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Chances are you have some affinity toward specific retailers, right?
You might have a favorite grocery store or pet store or clothing store. Maybe that’s based on location. It’s on your way home. Maybe it’s just a place that you’re used to. Or maybe it’s a website. After all, we’re creatures of habit.
But what would happen if you got a coupon for 20% off at a similar retailer?
Assuming all other factors are about equal, you’d probably end up straying from the usual store to use that discount.
Discounts are great for driving short-term transactions, but are they good at driving long-term loyalty?
Transactional benefits like discounts are still important.
That’s because they make consumers feel like smart shoppers. In fact, 76% of savvy millennial and gen x shoppers say an offer or discount is the largest factor in their purchase decisions.
Who doesn’t feel good about saving some cash or finding out that tenth sandwich is free, right?
But there’s a problem with this. Every retailer does it.
52% of millennials said they’d switch from one major retailer to another for discounts of 15% or more.
When retailers offer similar products, coupons, and loyalty programs, customers are going to go where the discount is. Instead of developing loyalty to the retailer, they start developing loyalty to the discounts themselves, no matter where they come from.
Discounts alone aren’t enough to keep customers from shopping the competition.
See why you have to stop thinking only in points.
Many retailers have trained customers to wait for discounts to shop. And they shop where the coupon is valid.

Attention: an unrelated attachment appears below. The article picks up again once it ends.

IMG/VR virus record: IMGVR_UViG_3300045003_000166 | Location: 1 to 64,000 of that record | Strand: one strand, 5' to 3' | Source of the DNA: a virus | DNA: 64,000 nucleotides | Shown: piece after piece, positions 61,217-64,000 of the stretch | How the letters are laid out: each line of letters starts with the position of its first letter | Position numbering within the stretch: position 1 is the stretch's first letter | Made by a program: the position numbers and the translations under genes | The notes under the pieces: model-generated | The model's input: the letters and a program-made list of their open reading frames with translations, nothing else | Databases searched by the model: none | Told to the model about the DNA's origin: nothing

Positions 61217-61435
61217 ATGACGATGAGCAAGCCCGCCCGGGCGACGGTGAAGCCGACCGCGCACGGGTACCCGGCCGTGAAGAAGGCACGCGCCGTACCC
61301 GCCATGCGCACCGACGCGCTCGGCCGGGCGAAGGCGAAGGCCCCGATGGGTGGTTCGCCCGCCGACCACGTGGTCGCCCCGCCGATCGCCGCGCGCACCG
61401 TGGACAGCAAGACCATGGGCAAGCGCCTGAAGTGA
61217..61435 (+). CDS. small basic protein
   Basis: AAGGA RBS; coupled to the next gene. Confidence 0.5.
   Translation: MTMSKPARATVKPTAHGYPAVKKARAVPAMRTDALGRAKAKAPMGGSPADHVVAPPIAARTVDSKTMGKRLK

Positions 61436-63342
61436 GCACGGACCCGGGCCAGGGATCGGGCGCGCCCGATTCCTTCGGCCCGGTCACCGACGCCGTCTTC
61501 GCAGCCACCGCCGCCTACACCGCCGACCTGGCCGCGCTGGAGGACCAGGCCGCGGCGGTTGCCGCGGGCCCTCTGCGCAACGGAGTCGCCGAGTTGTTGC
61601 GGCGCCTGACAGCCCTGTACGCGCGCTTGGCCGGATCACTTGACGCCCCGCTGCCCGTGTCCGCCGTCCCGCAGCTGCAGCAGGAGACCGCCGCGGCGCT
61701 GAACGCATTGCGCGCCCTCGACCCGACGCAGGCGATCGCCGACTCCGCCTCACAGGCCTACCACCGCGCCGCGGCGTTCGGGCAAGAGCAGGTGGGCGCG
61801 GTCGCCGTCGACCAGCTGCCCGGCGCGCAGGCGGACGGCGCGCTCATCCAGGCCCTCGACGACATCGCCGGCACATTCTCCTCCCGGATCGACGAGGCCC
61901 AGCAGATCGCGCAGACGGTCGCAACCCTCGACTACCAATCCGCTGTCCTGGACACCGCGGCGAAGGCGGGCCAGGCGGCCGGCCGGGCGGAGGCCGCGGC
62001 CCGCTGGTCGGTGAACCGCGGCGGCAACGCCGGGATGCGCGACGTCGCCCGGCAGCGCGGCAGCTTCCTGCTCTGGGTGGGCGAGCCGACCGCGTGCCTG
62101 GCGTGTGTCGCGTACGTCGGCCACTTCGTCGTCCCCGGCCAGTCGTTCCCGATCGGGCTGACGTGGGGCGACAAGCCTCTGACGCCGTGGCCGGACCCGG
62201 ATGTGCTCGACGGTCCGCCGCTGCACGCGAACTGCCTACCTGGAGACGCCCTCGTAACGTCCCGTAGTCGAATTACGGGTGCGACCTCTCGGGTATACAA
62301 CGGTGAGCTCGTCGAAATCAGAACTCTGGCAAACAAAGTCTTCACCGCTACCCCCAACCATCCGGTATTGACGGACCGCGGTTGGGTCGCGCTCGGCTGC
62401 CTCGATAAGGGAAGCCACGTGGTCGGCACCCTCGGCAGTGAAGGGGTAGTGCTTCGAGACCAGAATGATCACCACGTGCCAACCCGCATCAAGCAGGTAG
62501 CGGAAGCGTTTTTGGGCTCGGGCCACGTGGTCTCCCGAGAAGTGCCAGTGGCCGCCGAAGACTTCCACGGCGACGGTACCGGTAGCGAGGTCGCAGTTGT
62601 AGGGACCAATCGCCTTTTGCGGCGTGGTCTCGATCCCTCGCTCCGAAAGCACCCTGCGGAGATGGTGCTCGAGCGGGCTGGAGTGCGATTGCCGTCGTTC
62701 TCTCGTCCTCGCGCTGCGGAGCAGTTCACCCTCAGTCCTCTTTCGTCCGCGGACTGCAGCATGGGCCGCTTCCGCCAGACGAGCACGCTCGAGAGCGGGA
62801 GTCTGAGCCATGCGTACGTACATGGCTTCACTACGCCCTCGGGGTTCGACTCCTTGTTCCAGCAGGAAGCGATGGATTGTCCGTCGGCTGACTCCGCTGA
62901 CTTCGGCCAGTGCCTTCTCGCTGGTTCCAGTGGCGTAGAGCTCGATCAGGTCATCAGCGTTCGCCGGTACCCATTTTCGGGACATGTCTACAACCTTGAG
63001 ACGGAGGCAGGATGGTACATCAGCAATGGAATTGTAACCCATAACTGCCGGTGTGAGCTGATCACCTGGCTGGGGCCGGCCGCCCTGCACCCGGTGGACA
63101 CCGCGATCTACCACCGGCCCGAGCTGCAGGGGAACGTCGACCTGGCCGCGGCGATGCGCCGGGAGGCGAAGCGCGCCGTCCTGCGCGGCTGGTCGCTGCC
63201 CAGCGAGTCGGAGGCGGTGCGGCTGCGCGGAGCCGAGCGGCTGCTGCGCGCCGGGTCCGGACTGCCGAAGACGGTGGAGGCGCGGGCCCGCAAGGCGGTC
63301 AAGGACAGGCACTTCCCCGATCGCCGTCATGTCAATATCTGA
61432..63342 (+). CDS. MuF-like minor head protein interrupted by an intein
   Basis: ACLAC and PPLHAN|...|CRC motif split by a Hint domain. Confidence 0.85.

32% of shoppers say they have abandoned a shopping cart online because they found a discount with a different retailer. In the Age of the Customer, it’s easy to switch brands.
But customers that are truly loyal stick with a brand, even though they have unlimited choices, because they have an emotional connection.
They believe they are getting a better overall value even if another retailer has a cheaper price.
Consumers with an emotional connection to a brand have a 306% higher lifetime value, stay with a brand for an average of 5.1 years vs. 3.4 years and will recommend brands at a much higher rate (71% vs. 45%).
No one is saying that promotions can’t be a part of your strategy. The premium loyalty programs we build offer instant discounts 24/7.
77% of shoppers say discounts can influence where they shop, and 48% say they can speed up the decision-making process. These benefits are what consumers are the most used to, and use the most, but experiential benefits are where your brand can really connect with them.
The key to offering great experiential benefits is making sure they make sense for your customers. What works for another retailer might not work for you. That’s where the opportunity to differentiate comes in.
See why mixing transactional and experiential benefits is necessary.
REI does an amazing job at this by taking experience to a whole new level with REI Adventures. While Nike has done a great job enhancing the in-store experience for loyalty program members, REI takes its audience outside of the store completely.
By offering a series of outdoor adventures, REI aims to associate itself with outdoor expertise in general.
While anyone can book a trip, these adventures are heavily aimed at REI Co-Op members and discounted substantially.
While consumers might be able to score a coupon at other sporting goods stores, they probably aren’t traveling to any Norwegian fjords with them. An experience unlike anywhere else. That’s what sets REI apart. That’s what builds loyalty.
If you want to pull consumers in, a traditional loyalty program can help.
Transactional benefits are what attract most customers, but that’s because they are usually attracted to the discounts. And they will use them wherever they can.
When the aim is building true loyalty with devoted customers, they need to be offered a unique experience that isn’t available anywhere and adds value to their lives.
See why loyalty is more important than ever.
Do you want your customers to be loyal to the discount or loyal to your brand?
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